Some people claim that prisoners' human rights have advanced since the last national prison strike in 2018. We strongly disagree. But due to prisoners organizing inside and allies organizing beyond the walls, solidarity with our movement has increased. The only reason we hear conversations referencing prison reforms in every political campaign today is because of the work of prison organizers and our allies! But as organizers in prisons, we understand this is not enough. Just as quickly as we've gained ground, others are already funding projects and talking points to set back those advances. Our only way to hold our ground while moving forward is to remind people where we are and where we are headed.

On August 21 - September 9, we call on everyone in solidarity with us to organize an action, a panel discussion, a rally, an art event, a film screening, or another kind of demonstration to promote prisoners' human rights. Whatever is within your ability, we ask that you shake the nation out of any fog they may be in about prisoners' human rights and the criminal legal system (legalized enslavement).

During these solidarity events, we request that organizers amplify immediate issues prisoners in your state face, the demands from the National Prison Strike of 2018, and uplift Jailhouse Lawyers Speak new International Law Project.

We've started the International Law Project to engage the international community with a formal complaint about human rights abuses in U.S. prisons. This project will seek prisoners' testimonials from across the country to establish a case against the United States Prison Industrial Slave Complex on international human rights grounds.

Presently working on this legally is the National Lawyers Guild's Prisoners Rights Committee, and another attorney, Anne Labarbera. Members of the Incarcerated Workers Organizing Committee (IWOC), Fight Toxic Prisons (FTP), and I am We Prisoners Advocacy Network/Millions For Prisoners are also working to support these efforts. The National Lawyers Guild Prisoners' Rights Committee (Jenipher R. Jones, Esq. and Audrey Bomse) will be taking the lead on this project.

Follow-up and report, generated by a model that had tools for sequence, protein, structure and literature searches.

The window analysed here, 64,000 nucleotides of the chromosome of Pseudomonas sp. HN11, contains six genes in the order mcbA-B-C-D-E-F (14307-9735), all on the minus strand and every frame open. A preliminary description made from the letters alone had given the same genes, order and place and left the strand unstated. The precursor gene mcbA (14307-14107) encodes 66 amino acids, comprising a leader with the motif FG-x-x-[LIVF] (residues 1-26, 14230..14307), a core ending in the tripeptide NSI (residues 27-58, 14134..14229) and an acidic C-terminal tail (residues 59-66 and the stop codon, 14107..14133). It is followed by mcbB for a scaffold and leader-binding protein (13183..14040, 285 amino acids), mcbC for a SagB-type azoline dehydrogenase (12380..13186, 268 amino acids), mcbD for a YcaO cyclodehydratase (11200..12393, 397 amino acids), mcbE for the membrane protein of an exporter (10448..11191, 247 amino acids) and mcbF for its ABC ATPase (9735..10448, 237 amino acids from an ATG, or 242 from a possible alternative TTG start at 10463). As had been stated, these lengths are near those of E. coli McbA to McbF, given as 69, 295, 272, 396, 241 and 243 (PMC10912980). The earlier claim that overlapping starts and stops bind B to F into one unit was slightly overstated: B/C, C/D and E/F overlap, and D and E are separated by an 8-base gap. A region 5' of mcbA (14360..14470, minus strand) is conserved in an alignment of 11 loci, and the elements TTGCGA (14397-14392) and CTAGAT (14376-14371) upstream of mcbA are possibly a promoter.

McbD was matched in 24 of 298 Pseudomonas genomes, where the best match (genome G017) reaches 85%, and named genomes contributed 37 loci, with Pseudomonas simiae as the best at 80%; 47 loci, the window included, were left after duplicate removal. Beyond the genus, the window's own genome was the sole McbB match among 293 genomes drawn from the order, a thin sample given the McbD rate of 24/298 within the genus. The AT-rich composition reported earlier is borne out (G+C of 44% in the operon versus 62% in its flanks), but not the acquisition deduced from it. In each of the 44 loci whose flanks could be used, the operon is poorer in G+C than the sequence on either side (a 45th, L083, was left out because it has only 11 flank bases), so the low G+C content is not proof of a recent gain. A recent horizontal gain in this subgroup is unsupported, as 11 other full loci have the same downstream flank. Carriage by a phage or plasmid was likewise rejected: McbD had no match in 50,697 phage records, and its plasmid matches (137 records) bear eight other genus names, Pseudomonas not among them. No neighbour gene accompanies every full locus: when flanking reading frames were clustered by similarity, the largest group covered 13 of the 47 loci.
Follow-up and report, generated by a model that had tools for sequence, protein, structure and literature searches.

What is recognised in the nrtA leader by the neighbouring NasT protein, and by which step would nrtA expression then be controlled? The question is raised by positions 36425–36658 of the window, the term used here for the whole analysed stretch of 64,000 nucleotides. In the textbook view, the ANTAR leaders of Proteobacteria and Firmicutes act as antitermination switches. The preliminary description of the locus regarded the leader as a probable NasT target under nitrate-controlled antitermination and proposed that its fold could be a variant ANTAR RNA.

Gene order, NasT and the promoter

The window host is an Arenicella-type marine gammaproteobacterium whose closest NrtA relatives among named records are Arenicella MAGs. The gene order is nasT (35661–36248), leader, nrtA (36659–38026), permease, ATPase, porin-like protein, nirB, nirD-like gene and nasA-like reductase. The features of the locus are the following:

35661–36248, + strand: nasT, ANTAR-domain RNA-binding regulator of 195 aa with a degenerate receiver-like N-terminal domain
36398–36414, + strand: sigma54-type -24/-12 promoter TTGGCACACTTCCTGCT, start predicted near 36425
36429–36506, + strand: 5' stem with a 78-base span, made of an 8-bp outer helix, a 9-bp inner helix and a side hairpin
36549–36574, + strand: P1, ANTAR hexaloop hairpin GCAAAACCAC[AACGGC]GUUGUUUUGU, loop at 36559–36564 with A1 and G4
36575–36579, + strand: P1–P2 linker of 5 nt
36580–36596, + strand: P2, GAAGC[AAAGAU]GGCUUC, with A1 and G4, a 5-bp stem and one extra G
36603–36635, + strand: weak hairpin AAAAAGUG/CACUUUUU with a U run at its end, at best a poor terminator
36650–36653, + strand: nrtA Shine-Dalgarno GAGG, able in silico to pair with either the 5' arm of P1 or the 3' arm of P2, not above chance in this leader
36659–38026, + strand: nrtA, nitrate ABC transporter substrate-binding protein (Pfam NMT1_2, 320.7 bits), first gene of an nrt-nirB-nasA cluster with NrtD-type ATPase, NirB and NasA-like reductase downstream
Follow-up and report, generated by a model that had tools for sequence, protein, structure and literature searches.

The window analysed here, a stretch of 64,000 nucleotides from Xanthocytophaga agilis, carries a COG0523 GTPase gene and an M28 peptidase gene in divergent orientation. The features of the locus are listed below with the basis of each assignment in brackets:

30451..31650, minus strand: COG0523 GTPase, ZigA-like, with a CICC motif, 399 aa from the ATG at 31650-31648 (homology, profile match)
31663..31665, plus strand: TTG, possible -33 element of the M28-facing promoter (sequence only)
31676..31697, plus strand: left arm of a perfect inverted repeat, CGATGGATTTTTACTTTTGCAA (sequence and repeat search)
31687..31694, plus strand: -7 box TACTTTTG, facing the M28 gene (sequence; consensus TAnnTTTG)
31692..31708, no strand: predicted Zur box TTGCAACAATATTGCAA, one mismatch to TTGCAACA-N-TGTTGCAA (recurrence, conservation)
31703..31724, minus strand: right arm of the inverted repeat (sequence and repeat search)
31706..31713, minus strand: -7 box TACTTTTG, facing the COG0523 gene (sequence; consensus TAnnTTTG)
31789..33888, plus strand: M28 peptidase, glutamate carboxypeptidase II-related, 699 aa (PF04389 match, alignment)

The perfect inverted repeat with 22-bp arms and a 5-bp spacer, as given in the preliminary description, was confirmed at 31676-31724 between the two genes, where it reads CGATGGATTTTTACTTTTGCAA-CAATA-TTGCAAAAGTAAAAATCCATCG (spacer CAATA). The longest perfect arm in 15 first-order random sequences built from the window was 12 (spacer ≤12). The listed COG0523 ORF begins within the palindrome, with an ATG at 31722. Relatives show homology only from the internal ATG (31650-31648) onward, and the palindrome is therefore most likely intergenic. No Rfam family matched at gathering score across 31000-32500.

The National Prison Strike Demands of 2018 have not changed.. As reflected publicly by the recent deaths of Mississippi prisoners, the crisis in this nation's prisons persist. Mississippi prisons are on national display at the moment of this writing, and we know shortly afterward there will be another Parchman in another state with the same issues. The U.S. has demonstrated a reckless disregard for human lives in cages.

The prison strike demands were drafted as a path to alleviate the dehumanizing process and conditions people are subjected to while going through this nation's judicial system. Following up on these demands communicates to the world that prisoners are heard and that prisoners' human rights are a priority.